Where should we focus?
Seminar Room 1, Newton Institute
Seismic imaging or migration maps singly scattered data into the subsurface, providing an image of the interfaces between rock formations with different impedances. The corresponding linear inverse problem is the minimization of the least-squares error subject to the Born approximation of the acoustic wave equation.
Substantial preprocessing is usually required to remove data that do not obey the single scattering assumption. Also, an accurate background velocity is needed. Migration velocity analysis exploits the redundancy in the data to estimate the background velocity model. Data for different shot-receiver distances or offsets should provide the same image of the subsurface. Its implementation for the full wave equation invokes action at distance via a subsurface shift in space or time. Figure 1 shows a real-data example. The corresponding cost functional tries to focus energy at zero subsurface shift, thereby suppressing the unphysical action at distance.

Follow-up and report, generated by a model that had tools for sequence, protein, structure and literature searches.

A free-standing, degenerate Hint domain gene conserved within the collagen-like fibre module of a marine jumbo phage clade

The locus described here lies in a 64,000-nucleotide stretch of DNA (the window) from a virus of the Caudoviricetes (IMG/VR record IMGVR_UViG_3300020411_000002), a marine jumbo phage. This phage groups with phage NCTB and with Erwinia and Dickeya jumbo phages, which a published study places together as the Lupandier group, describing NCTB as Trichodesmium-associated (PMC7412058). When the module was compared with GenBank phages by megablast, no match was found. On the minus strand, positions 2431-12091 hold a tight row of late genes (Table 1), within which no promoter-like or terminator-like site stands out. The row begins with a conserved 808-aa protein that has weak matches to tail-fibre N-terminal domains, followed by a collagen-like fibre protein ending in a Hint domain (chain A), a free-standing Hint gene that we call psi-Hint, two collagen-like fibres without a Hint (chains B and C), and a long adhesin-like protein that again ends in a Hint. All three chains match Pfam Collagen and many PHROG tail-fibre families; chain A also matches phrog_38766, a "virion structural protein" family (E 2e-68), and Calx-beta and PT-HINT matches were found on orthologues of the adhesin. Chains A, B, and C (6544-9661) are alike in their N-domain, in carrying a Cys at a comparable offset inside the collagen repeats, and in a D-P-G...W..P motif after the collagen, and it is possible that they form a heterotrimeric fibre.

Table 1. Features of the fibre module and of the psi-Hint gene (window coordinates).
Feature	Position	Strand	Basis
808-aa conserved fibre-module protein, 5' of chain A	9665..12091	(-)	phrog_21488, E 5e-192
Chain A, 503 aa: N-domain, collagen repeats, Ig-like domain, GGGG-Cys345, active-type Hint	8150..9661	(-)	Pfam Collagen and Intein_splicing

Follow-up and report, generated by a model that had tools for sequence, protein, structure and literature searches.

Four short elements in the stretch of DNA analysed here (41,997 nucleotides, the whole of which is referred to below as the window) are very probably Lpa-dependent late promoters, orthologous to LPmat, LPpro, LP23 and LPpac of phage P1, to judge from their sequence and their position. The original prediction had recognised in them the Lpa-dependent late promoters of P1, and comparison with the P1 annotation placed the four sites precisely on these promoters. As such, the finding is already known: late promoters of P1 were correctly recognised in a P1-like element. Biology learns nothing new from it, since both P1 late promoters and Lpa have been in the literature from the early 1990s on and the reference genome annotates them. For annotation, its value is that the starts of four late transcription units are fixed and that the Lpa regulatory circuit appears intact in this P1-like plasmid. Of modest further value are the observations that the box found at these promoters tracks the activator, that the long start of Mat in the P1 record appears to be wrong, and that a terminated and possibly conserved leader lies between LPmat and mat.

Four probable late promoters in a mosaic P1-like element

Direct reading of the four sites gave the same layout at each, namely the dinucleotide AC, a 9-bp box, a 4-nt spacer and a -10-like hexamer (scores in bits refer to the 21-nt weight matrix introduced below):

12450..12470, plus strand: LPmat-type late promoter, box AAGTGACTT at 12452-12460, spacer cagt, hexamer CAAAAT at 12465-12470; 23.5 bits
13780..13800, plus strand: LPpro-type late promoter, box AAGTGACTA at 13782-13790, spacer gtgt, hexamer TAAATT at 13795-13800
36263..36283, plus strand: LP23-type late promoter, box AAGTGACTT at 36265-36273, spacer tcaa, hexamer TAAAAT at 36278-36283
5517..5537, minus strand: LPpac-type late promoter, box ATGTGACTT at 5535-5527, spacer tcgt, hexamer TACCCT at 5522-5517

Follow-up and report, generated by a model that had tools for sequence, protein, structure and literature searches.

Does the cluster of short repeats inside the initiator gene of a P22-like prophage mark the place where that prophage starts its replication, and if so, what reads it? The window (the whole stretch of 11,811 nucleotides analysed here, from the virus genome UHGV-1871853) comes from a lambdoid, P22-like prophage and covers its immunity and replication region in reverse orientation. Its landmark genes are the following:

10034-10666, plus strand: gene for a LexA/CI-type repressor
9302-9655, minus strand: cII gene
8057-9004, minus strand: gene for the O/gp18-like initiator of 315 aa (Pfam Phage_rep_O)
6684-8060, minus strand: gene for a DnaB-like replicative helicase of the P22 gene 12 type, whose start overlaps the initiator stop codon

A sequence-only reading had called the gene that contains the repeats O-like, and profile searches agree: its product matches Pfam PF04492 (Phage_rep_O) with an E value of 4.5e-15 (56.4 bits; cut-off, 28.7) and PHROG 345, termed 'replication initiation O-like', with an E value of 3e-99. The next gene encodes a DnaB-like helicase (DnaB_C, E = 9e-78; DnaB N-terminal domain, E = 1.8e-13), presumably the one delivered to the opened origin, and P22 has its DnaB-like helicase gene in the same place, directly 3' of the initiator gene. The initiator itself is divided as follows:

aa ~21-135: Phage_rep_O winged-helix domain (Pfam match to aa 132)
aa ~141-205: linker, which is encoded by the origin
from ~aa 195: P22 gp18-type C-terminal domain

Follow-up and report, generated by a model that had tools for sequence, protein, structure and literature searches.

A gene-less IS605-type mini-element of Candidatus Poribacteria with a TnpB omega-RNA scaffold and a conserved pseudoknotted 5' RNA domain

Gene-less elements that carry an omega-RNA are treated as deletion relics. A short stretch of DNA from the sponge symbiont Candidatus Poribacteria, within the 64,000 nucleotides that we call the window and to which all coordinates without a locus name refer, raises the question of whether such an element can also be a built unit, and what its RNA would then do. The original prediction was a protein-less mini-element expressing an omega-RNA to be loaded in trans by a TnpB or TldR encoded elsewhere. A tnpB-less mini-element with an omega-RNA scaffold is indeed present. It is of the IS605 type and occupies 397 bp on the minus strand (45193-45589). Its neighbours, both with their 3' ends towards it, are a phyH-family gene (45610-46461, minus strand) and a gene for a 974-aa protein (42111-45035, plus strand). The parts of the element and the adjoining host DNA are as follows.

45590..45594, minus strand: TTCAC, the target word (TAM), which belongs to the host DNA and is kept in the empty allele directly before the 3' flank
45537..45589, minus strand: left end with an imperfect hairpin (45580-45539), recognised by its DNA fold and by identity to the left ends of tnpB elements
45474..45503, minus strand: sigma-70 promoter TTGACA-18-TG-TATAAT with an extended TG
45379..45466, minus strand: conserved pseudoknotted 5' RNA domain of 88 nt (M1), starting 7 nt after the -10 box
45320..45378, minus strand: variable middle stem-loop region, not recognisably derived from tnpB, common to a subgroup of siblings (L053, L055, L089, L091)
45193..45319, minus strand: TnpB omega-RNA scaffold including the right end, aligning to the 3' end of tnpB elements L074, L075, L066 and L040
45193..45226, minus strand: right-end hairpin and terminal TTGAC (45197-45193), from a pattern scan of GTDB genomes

Although removal of surface multiples is a common technique, interbed multiples as well as remnant surface multiples may still lead the focusing algorithms astray. Focusing in the data domain is a recent generalization that, in principle, should not suffer from the presence of surface and interbed multiples. Further development is, however, still required to mature the method.
Figure 1. Example of seismic velocity inversion with focusing based on horizontal shifts in the depth domain, starting from the best velocity model that increases linearly with depth. The left panel shows the extended image at a lateral position of x = 2 km, as a function of horizontal subsurface offset hx and depth z. The iteration count is displayed in the left upper corner. The central panel displays the migration image. The right one shows the reconstructed smooth background velocity model.